In March 2016, DeVito endorsed democratic socialist Bernie Sanders for President.[34][35] In July 2016, he endorsed Jeremy Corbyn's 2016 campaign in the Labour Party leadership election.[36] In May 2017, before the 2017 UK general election DeVito said of Corbyn: "I like the idea of people telling the truth. I like them to get to the bottom of things, really." He endorsed Corbyn as Prime Minister saying he is "way better than [David] Cameron" and Tony Blair who he called "that sketchy guy that hung out with [George W] Bush".[37]

Filmography

Awards and nominations

Year Nominated work Award Result
1979 Taxi Golden Globe Award for Best Supporting Actor – Series, Miniseries or Television Film Nominated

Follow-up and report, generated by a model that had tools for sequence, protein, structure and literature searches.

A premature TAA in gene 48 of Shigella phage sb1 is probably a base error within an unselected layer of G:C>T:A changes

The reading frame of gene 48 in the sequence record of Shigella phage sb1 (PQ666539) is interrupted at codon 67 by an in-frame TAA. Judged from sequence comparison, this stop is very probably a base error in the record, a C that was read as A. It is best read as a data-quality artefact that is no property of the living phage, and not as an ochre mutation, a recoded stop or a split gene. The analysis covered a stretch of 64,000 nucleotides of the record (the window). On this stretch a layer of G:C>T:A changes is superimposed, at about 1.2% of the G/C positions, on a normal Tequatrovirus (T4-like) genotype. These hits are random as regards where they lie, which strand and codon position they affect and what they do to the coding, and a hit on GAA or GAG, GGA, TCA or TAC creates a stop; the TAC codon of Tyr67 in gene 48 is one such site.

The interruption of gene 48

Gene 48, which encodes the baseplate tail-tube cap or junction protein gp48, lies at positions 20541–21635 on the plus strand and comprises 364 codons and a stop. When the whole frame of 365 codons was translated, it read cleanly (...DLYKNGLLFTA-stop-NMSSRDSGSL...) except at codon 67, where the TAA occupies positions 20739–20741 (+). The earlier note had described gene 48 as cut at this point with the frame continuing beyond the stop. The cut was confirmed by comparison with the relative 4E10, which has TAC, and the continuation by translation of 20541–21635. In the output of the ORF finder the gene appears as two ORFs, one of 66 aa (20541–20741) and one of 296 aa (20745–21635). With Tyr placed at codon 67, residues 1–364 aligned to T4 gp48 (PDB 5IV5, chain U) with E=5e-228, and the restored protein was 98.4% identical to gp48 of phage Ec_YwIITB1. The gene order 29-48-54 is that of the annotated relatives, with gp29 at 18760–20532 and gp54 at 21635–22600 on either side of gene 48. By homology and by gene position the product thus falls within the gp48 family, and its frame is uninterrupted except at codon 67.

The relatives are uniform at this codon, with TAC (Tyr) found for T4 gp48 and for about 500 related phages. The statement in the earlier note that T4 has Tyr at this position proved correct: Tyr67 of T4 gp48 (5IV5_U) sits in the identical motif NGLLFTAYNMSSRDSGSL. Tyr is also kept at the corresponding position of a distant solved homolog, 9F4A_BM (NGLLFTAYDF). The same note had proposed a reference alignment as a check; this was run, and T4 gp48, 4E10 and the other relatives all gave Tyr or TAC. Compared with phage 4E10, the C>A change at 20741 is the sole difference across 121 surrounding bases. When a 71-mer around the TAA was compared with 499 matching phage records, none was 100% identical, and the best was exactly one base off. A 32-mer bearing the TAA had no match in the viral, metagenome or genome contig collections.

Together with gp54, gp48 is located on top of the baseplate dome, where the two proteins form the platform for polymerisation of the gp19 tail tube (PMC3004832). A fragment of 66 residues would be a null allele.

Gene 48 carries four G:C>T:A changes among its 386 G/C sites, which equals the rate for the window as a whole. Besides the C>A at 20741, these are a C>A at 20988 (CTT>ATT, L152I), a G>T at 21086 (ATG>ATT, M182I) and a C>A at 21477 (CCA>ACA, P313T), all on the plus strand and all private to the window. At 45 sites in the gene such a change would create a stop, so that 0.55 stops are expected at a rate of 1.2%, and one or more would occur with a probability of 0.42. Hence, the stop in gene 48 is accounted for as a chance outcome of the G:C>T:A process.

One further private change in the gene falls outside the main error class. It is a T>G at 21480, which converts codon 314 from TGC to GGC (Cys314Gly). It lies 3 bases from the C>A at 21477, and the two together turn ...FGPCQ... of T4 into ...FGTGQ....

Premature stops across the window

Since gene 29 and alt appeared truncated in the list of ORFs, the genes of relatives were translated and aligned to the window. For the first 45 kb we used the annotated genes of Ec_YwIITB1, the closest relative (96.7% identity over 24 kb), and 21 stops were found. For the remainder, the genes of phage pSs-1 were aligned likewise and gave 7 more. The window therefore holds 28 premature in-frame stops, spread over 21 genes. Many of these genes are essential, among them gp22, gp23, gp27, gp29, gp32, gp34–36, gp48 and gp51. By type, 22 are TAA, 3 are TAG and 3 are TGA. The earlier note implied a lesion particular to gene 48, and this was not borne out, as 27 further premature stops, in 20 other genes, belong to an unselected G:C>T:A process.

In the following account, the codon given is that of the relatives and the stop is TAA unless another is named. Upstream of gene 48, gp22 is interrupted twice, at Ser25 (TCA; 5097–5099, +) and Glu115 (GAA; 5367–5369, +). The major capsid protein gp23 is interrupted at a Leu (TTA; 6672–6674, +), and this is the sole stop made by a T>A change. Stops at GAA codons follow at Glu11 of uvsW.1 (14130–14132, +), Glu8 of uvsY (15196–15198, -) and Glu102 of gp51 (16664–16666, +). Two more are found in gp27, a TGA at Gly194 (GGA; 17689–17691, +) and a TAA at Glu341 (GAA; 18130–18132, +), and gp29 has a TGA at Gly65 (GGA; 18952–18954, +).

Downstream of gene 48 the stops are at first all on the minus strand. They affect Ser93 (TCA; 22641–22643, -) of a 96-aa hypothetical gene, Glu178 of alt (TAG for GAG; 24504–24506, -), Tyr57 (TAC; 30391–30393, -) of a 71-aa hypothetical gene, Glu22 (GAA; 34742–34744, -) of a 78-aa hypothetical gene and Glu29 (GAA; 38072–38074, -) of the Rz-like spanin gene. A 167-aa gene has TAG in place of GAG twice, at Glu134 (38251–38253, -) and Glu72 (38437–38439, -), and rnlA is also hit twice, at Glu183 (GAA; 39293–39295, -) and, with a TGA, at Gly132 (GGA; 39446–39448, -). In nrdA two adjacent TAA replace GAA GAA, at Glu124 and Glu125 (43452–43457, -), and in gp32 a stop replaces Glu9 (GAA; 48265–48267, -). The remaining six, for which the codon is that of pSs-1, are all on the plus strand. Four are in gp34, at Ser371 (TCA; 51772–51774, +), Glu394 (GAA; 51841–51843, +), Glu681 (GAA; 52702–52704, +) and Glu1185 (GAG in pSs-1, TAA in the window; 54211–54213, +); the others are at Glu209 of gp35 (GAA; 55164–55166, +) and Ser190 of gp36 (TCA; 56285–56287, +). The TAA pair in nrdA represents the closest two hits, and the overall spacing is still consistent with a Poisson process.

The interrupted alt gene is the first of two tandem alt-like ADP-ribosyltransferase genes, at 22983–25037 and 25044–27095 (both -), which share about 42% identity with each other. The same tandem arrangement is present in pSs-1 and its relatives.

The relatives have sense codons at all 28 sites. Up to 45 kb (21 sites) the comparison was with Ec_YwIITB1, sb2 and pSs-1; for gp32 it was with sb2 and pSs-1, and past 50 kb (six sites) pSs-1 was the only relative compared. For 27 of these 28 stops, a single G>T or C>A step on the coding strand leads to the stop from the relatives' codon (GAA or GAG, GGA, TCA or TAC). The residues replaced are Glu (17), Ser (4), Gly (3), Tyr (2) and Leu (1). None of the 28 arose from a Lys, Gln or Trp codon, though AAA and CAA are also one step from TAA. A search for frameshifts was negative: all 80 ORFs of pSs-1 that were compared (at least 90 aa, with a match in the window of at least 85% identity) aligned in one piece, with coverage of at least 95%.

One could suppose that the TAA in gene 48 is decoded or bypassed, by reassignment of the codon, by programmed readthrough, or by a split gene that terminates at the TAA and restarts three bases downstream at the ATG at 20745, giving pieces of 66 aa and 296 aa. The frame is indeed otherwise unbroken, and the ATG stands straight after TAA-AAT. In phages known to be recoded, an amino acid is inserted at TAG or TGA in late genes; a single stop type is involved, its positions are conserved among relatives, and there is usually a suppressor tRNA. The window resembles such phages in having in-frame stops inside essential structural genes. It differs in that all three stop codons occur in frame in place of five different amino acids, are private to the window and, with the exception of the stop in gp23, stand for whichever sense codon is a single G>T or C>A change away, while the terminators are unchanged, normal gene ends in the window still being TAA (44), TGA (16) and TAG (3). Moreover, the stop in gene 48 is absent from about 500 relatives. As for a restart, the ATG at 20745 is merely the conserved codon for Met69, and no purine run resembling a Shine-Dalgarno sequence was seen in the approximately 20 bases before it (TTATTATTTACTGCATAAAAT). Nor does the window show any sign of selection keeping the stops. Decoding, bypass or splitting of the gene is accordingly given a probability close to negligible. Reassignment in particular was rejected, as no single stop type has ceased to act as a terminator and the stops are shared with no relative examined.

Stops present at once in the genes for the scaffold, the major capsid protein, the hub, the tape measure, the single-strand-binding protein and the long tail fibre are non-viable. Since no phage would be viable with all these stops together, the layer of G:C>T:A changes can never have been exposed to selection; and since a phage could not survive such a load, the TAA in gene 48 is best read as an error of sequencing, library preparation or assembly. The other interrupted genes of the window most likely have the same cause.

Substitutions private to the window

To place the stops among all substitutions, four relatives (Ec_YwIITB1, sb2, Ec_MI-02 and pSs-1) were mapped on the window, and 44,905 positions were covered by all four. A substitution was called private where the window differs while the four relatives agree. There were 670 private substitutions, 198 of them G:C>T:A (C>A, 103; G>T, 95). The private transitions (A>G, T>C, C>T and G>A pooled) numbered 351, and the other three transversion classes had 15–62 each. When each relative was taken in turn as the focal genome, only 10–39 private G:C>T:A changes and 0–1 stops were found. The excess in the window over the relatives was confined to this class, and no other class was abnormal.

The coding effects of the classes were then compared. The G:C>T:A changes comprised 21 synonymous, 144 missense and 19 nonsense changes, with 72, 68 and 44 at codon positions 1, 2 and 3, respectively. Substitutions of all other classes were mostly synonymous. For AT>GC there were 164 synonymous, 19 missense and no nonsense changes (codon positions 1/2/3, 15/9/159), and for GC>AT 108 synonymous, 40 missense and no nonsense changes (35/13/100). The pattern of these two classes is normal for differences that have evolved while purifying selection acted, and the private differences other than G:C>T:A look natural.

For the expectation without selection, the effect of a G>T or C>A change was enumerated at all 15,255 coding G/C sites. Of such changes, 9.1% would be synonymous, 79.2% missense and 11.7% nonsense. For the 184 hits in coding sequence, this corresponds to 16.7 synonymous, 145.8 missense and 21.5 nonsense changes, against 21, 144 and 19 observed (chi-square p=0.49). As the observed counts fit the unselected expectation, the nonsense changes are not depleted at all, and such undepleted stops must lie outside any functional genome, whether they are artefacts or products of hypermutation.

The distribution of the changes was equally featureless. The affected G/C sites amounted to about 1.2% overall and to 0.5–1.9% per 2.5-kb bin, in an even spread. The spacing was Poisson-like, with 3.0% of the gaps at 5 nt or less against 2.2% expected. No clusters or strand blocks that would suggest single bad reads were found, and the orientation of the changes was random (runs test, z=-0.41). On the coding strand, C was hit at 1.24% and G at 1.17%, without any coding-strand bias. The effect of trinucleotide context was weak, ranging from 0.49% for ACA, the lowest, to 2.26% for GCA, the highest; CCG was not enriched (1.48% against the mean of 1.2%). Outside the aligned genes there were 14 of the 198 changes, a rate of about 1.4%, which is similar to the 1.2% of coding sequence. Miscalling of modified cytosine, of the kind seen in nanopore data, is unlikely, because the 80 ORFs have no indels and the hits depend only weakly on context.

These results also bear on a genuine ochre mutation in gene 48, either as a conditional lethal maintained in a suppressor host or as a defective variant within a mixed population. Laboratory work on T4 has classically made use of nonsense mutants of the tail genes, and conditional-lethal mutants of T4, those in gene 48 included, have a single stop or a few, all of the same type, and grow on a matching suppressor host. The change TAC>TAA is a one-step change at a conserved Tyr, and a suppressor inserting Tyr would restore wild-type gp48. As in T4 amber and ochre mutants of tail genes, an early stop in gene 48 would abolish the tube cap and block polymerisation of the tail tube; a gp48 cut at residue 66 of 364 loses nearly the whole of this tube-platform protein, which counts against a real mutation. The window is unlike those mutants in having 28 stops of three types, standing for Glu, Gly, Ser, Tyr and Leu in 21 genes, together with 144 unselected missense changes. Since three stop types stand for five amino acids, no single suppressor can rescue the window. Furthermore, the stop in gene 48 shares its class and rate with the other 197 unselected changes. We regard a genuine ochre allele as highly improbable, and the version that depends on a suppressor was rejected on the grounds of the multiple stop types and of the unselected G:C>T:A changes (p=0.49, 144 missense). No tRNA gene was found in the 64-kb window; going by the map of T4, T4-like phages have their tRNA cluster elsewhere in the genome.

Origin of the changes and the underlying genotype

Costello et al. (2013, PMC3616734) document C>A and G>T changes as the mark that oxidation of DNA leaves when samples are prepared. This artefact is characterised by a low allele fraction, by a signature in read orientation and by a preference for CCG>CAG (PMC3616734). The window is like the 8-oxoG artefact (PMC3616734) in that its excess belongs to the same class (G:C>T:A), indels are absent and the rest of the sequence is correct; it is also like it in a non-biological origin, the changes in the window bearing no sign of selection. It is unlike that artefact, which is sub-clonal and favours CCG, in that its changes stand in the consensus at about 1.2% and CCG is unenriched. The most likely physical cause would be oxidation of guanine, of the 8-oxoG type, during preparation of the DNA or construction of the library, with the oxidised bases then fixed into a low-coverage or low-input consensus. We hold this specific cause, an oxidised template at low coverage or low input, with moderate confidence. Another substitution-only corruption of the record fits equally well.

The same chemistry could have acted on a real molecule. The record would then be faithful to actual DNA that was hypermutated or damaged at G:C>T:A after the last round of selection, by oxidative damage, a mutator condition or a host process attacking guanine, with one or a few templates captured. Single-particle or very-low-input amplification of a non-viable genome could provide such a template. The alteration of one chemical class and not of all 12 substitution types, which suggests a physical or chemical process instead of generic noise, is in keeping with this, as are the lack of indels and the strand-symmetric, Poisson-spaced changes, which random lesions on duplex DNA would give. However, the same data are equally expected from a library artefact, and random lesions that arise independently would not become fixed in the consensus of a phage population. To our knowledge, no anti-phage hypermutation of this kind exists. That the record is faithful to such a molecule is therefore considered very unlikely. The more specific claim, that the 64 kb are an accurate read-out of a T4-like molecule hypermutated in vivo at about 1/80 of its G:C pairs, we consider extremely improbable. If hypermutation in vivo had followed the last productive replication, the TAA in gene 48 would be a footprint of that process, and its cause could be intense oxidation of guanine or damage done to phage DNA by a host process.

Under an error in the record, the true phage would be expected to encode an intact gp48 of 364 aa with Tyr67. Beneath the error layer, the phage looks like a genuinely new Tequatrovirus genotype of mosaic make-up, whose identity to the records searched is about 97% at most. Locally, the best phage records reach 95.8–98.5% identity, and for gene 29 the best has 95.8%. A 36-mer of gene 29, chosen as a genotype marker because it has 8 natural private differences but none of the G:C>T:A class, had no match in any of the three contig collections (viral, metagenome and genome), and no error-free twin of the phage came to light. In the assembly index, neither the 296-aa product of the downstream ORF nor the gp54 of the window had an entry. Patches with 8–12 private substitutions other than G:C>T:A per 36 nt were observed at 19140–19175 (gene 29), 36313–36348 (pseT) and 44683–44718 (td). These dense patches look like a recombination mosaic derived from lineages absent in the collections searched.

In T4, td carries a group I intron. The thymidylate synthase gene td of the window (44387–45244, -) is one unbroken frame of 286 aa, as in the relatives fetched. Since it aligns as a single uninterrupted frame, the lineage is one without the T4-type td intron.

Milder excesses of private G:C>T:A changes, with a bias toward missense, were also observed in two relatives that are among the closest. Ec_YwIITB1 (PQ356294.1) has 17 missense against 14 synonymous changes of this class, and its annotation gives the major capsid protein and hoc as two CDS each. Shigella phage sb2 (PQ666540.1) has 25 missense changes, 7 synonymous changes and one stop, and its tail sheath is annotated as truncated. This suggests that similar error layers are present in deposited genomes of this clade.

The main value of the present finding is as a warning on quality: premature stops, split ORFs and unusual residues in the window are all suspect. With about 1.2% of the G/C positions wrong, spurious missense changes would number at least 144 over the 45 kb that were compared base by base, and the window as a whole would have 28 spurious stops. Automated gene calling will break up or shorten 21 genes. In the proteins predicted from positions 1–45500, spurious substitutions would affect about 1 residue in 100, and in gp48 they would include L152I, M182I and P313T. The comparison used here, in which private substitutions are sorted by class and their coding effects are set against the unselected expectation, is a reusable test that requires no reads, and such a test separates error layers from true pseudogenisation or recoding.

Primetime Emmy Award for Outstanding Supporting Actor in a Comedy Series Nominated
1980 Golden Globe Award for Best Supporting Actor – Series, Miniseries or Television Film Won
1981 Nominated
Going Ape! Razzie Award for Worst Supporting Actor Nominated
Taxi Primetime Emmy Award for Outstanding Supporting Actor in a Comedy Series Won
1982 Golden Globe Award for Best Supporting Actor – Series, Miniseries or Television Film Nominated
Primetime Emmy Award for Outstanding Supporting Actor in a Comedy Series Nominated
1983 Nominated
1986 Ruthless People Golden Globe Award for Best Actor – Motion Picture Musical or Comedy Nominated
1987 Throw Momma from the Train Nominated
1989 The War of the Roses Berlin International Film Festival Golden Bear[38] Nominated
1992 Batman Returns Saturn Award for Best Supporting Actor Nominated